• limited access to infrastructure: basic infrastructure (water, electricity, sanitation) + public infrastructure (roads, communication) + business infrastructure (backward and forward linkages)
    • unfair or hostile wider environment: macro-economic conditions, sector policies, procurement bids, laws, and regulations
  • Additional constraints specific to female entrepreneurs: these constraints are often more severe for female informal entrepreneurs than for female formal entrepreneurs
    • limited property rights: due to which women have fewer productive assets + less collateral to leverage capital
    • gender division of labor: by which women are seen to be the primary care givers + responsible for child rearing and domestic chores + responsible for daily cash flow of the household (which subsidizes the search for higher-return activities by men)
    • norms of female modesty: which restrict women’s physical mobility and interactions with strangers
informal enterprises common and female risks
INFORMAL ENTERPRISES:COMMON AND FEMALE RISKS
  • Risks common to all enterprises: exposure to these risks tends to be higher for informal enterprises than for formal enterprises + female entrepreneurs often have a harder time, than male entrepreneurs, coping with common risks
    • seasonality and natural disasters: associated with the weather
    • volatility in the market and economy: demand, competition, prices, exchange rates, depreciation
    • business risks: lack of contract enforcement + bankruptcy protection + negative return on investment
    • uncertain or unpredictable environment: policy, law, and regulation enforcement + general “law and order” situation
    • uncertain or unpredictable basic infrastructure: water, electricity supply
    • idiosyncratic crises and emergencies: illness andaccidents + fires and robberies + costly life-cycle events (marriages and deaths)
  • Additional risks specific to female entrepreneurs: exposure to these risks is often higher and the ability to cope is often lower for female informal entrepreneurs than for female formal entrepreneurs
    • care responsibilities: when other members of the family fall sick or become disabled
    • verbal harassment: by family, kin, or neighbors for working outside the home
    • sexual harassment: in the marketplace orby business partners
addressing constraints and risks of female informal enterprises a three part policy framework
ADDRESSING CONSTRAINTS AND RISKSOF FEMALE INFORMAL ENTERPRISES:A THREE-PART POLICY FRAMEWORK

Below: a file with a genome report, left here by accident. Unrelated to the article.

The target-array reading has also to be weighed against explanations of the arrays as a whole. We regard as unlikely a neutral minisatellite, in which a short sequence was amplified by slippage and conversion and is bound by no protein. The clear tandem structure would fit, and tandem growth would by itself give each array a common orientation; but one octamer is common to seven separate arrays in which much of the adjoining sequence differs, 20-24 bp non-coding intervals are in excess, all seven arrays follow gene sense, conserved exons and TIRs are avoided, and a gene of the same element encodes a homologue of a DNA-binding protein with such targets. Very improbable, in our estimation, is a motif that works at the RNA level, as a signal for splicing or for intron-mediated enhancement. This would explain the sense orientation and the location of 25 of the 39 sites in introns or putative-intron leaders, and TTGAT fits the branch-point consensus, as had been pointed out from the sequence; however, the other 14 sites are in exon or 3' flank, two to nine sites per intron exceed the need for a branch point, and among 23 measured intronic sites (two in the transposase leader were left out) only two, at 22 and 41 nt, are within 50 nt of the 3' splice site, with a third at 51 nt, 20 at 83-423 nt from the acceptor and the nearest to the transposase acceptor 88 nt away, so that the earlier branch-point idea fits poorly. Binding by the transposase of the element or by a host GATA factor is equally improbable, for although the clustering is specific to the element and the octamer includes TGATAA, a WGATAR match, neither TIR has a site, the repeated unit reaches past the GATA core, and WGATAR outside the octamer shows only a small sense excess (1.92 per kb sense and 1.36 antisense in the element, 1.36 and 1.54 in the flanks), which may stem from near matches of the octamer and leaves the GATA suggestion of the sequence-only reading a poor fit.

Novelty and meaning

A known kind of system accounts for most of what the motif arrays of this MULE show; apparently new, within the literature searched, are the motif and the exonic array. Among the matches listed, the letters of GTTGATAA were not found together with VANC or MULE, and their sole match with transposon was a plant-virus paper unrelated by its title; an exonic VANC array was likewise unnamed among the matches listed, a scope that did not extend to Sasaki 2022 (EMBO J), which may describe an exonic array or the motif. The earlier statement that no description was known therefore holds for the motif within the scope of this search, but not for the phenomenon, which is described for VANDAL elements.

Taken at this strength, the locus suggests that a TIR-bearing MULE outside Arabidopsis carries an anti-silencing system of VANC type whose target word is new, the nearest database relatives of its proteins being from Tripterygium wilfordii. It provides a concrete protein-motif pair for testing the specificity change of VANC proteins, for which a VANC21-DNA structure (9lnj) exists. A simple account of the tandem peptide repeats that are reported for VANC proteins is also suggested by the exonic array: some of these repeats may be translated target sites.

Part I:Systemic Challenges

  • Micro-Enterprise “Half-Revolution”: need to do for non-financial services what the “micro-finance revolution” has done for financial services – including the focus on female informal entrepreneurs and “smart subsidies” for R & D
  • Economic Policy Dualism: need to reduce the biases and barriers inherent in many economic policies against informal enterprises in general and female informal enterprises in particular
  • Gender Norms: need to empower female entrepreneurs to be able to negotiate the gender norms that constrain their time, physical mobility, and/or interactions in the marketplace
addressing constraints and risks of female informal enterprises a three part policy framework9
ADDRESSING CONSTRAINTS AND RISKSOF FEMALE INFORMAL ENTERPRISES:A THREE-PART POLICY FRAMEWORK

Part II:Sub-Sector Development

  • Premise: financial + non-financial services to individual entrepreneurs are often not sufficient to address systemic constraints and risks
  • Sub-Sector Development: has significant potential for developing whole sectors of under-served informal enterprises of women and/or men – promising examples involving sub-sector infrastructure and linkages + service delivery + policy advocacy include:
    • craft and textiles in Bangladesh (BRAC)
    • poultry in Bangladesh (BRAC)
    • alpaca in Bolivia (Enterprise Works Worldwide)
    • embroidery in India (Self-Employed Women’s Association)
    • milk in India (Amul Dairy)
    • honey in Kenya (Honey Care Africa)
    • textile waste in Philippines (Partners for Subsector Development)
    • silk in Thailand (Jim Thompson)
addressing constraints and risks of female informal enterprises a three part policy framework10
ADDRESSING CONSTRAINTS AND RISKSOF FEMALE INFORMAL ENTERPRISES:A THREE-PART POLICY FRAMEWORK

Part III:Enabling Conditions

To inform economic policy-makers and negotiate appropriate

policies and interventions, female informal entrepreneurs need:

  • Visibility: through improved labor force and other economic statistics
  • Voice: organization into member-based associationsand representation in economic policy-making and rule-setting institutions
  • Validity: legal identity and official recognition as economic agents who contribute to the economy